I have a love-hate relationship with raw onions. Thinly sliced onions give sandwiches the extra kick that they sometimes need or provide a great crunch for a salad, but I'm extremely sensitive to their sulfurous compounds. Sometimes I end up with teary eyes for a few hours if I cut more than one or two of them. Cooked onions, on the other hand, are always my friend. Just about everything I make starts with onions, and I usually use more than is called for in a recipe. The sweetness that develops as onions cook is like none other. In fact, one of my favorite pizzas includes caramelized onions as a main ingredient, and I often roast onion wedges and eat them as a snack. That's half of the story.
The other half involves green eggs. No, I haven't been reading a Dr. Seuss book. I noticed a sign for green eggs on the first day of the farmers' market this year. I had plenty of eggs, so I didn't buy any, but they obviously stuck in my mind. Then Amy from Runs with Spatula told me that they had been recommended to her by Annie from Forest Street Kitchen. Amy made a green eggs and ham omelet with her eggs, and said that they seemed richer than other eggs. I had to give these a shot! I finally used up all of my other eggs, bought some green eggs one Saturday, and searched around for something to make that would highlight the flavor of the eggs (I didn't want to hide them in a complicated dish, after all!). Enter Mark Bittman. While flipping through this month's cookbook of the month, I was intrigued by the idea of making a quiche. I don't know that I've ever made one, which is odd considering that I actually own a quiche pan. Thus the onion quiche was conceived.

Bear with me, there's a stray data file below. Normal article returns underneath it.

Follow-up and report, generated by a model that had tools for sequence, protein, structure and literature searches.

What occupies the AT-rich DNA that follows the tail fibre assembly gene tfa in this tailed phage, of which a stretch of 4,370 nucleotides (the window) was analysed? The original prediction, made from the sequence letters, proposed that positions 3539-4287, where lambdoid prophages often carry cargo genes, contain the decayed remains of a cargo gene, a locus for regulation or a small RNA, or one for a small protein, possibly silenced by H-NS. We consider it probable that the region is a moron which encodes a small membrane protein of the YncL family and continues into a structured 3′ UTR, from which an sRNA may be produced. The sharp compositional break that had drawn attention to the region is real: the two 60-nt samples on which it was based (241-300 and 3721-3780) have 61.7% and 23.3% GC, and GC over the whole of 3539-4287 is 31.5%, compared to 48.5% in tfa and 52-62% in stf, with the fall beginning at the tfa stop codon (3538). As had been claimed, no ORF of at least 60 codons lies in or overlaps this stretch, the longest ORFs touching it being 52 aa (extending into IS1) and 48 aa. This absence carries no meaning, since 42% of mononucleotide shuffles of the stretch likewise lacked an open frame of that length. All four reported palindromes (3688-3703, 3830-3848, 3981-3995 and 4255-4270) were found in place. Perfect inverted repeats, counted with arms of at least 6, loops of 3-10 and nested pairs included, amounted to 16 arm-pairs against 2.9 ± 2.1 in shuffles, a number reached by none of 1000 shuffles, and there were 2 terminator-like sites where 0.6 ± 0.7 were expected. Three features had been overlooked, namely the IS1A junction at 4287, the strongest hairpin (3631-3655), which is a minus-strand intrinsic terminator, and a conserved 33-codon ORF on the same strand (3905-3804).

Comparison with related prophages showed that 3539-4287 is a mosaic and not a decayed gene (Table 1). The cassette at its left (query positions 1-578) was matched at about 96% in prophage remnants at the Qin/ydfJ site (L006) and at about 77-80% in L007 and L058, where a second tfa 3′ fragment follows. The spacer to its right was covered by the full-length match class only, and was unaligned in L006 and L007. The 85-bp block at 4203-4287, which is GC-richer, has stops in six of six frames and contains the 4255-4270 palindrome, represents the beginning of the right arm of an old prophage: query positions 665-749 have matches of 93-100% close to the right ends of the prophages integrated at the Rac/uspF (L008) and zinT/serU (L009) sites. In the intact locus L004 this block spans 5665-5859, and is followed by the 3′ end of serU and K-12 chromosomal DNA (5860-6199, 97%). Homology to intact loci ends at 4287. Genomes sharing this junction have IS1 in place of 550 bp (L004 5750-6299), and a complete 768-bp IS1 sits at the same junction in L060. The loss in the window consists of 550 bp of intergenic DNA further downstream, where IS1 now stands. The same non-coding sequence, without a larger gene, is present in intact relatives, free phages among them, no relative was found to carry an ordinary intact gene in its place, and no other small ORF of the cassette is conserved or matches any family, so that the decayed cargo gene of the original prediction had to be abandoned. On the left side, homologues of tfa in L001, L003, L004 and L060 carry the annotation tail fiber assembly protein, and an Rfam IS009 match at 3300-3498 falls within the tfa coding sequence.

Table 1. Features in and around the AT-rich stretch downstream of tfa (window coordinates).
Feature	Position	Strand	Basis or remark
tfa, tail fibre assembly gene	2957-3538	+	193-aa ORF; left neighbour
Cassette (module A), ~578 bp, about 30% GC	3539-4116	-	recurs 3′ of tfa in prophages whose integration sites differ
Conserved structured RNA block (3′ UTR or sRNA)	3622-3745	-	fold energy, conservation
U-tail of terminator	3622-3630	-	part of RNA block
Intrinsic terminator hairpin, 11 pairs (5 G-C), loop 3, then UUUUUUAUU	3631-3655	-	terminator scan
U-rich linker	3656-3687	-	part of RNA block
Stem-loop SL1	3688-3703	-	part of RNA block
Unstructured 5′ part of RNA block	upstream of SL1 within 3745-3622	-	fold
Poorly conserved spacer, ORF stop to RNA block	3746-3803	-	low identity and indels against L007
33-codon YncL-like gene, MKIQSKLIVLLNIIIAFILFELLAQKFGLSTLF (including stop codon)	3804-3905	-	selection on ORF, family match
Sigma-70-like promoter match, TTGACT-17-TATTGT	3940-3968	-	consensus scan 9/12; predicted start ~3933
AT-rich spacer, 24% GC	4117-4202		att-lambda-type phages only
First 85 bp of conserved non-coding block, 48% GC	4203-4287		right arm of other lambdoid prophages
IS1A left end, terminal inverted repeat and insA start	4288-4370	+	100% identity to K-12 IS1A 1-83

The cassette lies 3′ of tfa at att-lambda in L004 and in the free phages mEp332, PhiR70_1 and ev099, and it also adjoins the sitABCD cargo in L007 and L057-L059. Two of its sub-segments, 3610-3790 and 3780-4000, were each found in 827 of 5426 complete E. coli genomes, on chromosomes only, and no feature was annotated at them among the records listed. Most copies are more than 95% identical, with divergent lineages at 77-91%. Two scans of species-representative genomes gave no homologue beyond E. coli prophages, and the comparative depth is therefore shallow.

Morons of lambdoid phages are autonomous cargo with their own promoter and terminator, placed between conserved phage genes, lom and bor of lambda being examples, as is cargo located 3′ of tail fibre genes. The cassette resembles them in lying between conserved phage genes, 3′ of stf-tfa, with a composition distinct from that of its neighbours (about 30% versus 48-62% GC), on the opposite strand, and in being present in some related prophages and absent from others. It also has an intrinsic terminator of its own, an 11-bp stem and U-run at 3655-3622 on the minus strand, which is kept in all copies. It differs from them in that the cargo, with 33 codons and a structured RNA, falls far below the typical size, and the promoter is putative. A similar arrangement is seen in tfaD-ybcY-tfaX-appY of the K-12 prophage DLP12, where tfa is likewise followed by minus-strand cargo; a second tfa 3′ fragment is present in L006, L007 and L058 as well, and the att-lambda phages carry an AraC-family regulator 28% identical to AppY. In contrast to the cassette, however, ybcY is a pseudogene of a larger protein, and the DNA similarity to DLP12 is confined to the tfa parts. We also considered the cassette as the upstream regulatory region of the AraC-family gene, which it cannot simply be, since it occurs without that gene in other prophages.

I had a hard time getting a good picture, but they definitely have a green tint to them
(you might have to trust me on this one)
And I guess the final tidbit to this story is that I was too lazy to make a traditional crust. I had already made bread that morning and was planning to make roti for dinner (recipe to come!). The thought of kneading a third dough and getting even more flour all over my kitchen floor was not appealing. But this brown rice crust from Closet Cooking sounded delicious (perhaps even better than a traditional crust!) and easy.
Onion quiche with a brown rice crust (adapted from Mark Bittman's "How to Cook Everything" and Closet Cooking)
2 cups cooked brown rice
1/4 cup shredded parmesan cheese
2 Tbsp olive oil
6 cups thinly sliced onions
salt and pepper to taste
1/2 tsp dried thyme
6 eggs (ideally green!)
2 cups milk
Combine rice, 1 egg, and parmesan in a small bowl, and press the mixture in the bottom and sides of a quiche pan or deep pie pan. Bake at 450 for 5 min. While crust is baking, heat oil in a large skillet over medium heat. Then add onions, salt, and pepper, and let cook, stirring frequently, until onions are very soft and golden brown (about 20 min). Stir thyme into onions. Whisk eggs and milk together, and stir in the onions. Pour this mixture into the crust and bake at 325 for 40-50 min (until the eggs are set in the middle). Serves 6.
This was delicious. I think I know what Amy means about the eggs being richer. They had a great flavor that was perfect for this type of dish. And this was another great dish for onions. Their intense sweetness, along with the thyme, was a perfect contrast to the bold egg flavor. And don't forget about the crust! It was slightly crunchy, but fit right in with the overall feel of the quiche. This was a great overall concoction, and I'm glad that I was too lazy to mess with more dough.
I found one of my new favorite uses of onions, so it seems that I
should submit this to Weekend Herb Blogging, a weekly food blogging event that was started by Kalyn of Kalyn's Kitchen, and is now organized by Haalo at Cook (almost) Anything At Least Once. This week I'm hosting, and I encourage you all to participate. See the rules for more details, and make sure to send me your information by Sunday at 5 pm Eastern time.